Mia Couto’s Under the Frangipani is a thin book. But condensed in its little more than 150 pages is an impressive narrative of a revolution betrayed as centered on the investigation of the death of Excellency Vatsome, Mozambique revolutionary war veteran turned sanatorium director and secret arms dealer.
Lurking everywhere in Under the Frangipani are the shadows of the Mozambique war of national liberation against Portuguese repression and its traumatic realities.
A genuine revolution is supposed to be waged for the people. It seeks to institute radical social changes to empower the greater majority of peasants and workers. But what if it fails to pursue its original aims after completing the seizure of power from the oppressors?
The question of what happens to guerrilla leaders who lose their ideological bearings is one of the dilemmas described in Couto’s novel. After all, the danger of mobilizing for war but without the adequate political and ideological education tends to breed a one-sided military mentality that fails to consider the political equation.
And all the worse if the struggle for national liberation takes the capitalist road after overthrowing the yoke of colonialism instead of pursuing a socialist perspective.
“Vatsome felt betrayed. He had given the best years of his life to the revolution. What was there left of that utopia?” With the idealism and enthusiasm of the revolutionary experience gone and without a thorough program for social transformation being undertaken, all that is left for Vatsome is money-making, power lust, and cynicism.
But we know all of this only by the end of the novel. Steeped in African oral tradition and deploying that folksy storytelling style familiar to all cultures, the novel is in the main about the life of Vatsome Excellency and his murder as uncovered by the investigation conducted by a police detective.
No ordinary detective spiel, the narrative is seen from a different vantage point. This point of view is that of the spirit of the dead man Ermelindo Mucanga, a martyr of the revolutionary war residing Under the Frangipani, who decides to reside in the body of the police investigator who examines the case of Vatsome’s murder.
Under the frangipani in the terrace of the former Portuguese tradepost is where the dead soul of the narrator resided. This is where we get glimpses of the soul’s past life intruding into the narrative of the present. This colonial fort turned jail for Mozambique revolutionaries turned sanotarium for the elderly after the war and of which Vatsome is director is the setting of the novel.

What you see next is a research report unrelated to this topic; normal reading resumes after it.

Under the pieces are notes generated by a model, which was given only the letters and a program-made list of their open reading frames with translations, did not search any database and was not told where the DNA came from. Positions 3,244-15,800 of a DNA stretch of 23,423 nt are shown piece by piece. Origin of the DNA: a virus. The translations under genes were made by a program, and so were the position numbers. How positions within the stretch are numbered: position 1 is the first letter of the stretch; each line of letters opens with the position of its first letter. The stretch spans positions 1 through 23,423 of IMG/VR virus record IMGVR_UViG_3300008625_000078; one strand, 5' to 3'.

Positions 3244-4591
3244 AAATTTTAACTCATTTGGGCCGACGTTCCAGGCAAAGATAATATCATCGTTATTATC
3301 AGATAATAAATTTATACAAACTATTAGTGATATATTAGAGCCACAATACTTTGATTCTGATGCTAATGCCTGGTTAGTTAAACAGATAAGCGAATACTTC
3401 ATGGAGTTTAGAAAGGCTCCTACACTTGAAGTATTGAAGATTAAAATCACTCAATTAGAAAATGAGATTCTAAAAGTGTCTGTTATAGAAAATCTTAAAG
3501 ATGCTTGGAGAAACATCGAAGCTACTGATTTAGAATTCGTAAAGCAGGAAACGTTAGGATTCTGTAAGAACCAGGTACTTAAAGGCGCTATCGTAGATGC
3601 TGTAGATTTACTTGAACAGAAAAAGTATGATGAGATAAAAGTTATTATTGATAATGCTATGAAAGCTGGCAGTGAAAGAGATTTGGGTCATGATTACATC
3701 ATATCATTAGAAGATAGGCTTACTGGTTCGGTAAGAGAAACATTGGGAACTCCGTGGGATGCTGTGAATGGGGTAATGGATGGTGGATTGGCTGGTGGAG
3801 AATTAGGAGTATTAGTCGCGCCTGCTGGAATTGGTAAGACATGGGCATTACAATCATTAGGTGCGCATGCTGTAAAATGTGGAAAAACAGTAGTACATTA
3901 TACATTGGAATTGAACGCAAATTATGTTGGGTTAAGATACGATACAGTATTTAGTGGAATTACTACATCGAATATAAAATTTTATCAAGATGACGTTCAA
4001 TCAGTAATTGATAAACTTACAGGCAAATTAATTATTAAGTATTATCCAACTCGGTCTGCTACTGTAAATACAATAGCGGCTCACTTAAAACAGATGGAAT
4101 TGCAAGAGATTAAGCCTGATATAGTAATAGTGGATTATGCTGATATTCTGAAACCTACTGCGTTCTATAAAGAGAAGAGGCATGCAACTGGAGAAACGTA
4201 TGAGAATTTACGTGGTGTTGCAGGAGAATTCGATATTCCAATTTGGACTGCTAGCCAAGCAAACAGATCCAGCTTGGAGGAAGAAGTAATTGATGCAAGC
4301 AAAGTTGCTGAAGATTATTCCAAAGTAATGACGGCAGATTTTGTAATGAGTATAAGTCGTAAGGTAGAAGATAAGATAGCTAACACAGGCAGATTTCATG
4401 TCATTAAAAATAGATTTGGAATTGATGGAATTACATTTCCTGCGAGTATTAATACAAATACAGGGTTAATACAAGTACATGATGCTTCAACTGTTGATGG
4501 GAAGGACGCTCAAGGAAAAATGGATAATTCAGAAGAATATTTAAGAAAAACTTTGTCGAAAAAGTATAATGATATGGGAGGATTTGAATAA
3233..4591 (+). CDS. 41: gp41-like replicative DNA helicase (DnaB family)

Of course, the spirit of Ermelindo Mucanga knows ahead that the investigator of Vatsome’s death will also die after six days. However, we learn of the details according to this marked man’s own pace.
Interspersed in the narrative are chapters that unravel the tales of the confessors, residents of the sanotarium who all claim that they killed Excellency Vatsome:
The first, Navaia, an old man-child claimed that he killed Vatsome with a knife because the director physically abused the old men performing a traditional ritual in the refuge.
The second, the old Portuguese expatriate Domingos Mourao, confessed to felling a large stone on Vatsome because the director allegedly abused his own wife Ernestina.
The third, Old Gaffer, said that he smashed Excellency’s face on the stonework and smothered him with a blanket because the director hurt the refuge’s nurse Marta.
The fourth, the “witch” Little Miss No, declared that she was the one who poisoned Excellency after the director hit her breast and raped her.
But it is in the letter of Excellency’s wife Ernestina that we actually begin to understand the seemingly senseless violence imposed by Excellency upon the old residents of the refuge, a brutality that arouses their hate and thirst for revenge:
“I was told that Vatsome showed no mercy on the field of battle, behaving just like the enemy he called devils. I listened to reports of massacres as if they had taken place in an another world.”
The testimony of the nurse Marta who at the beginning of this mystery seemed uncooperative to the investigator also sheds light to this question:
“The culprit you seek, my dear Izidine, isn’t a person. It’s war. The war’s to blame for everything. The war killed Vatsome… War creates another cycle of time. Our lives are no longer measured by years or seasons. Or by harvests, famine or floods. War establishes the cycle of flood… War swallows up the dead and devours its survivors.”
The novel clearly succeeds in subverting the conventions of the mystery genre. But like any other mystery, everything is still revealed in the end.
Nevertheless, this heavily textured novel requires effort to untangle all its threads and nuances. Under the Frangipani‘s deceptively small number of pages conceal a complexity that draws on Mozambique’s mystical world alongside its historical experience of colonization, poverty, and war. A must read.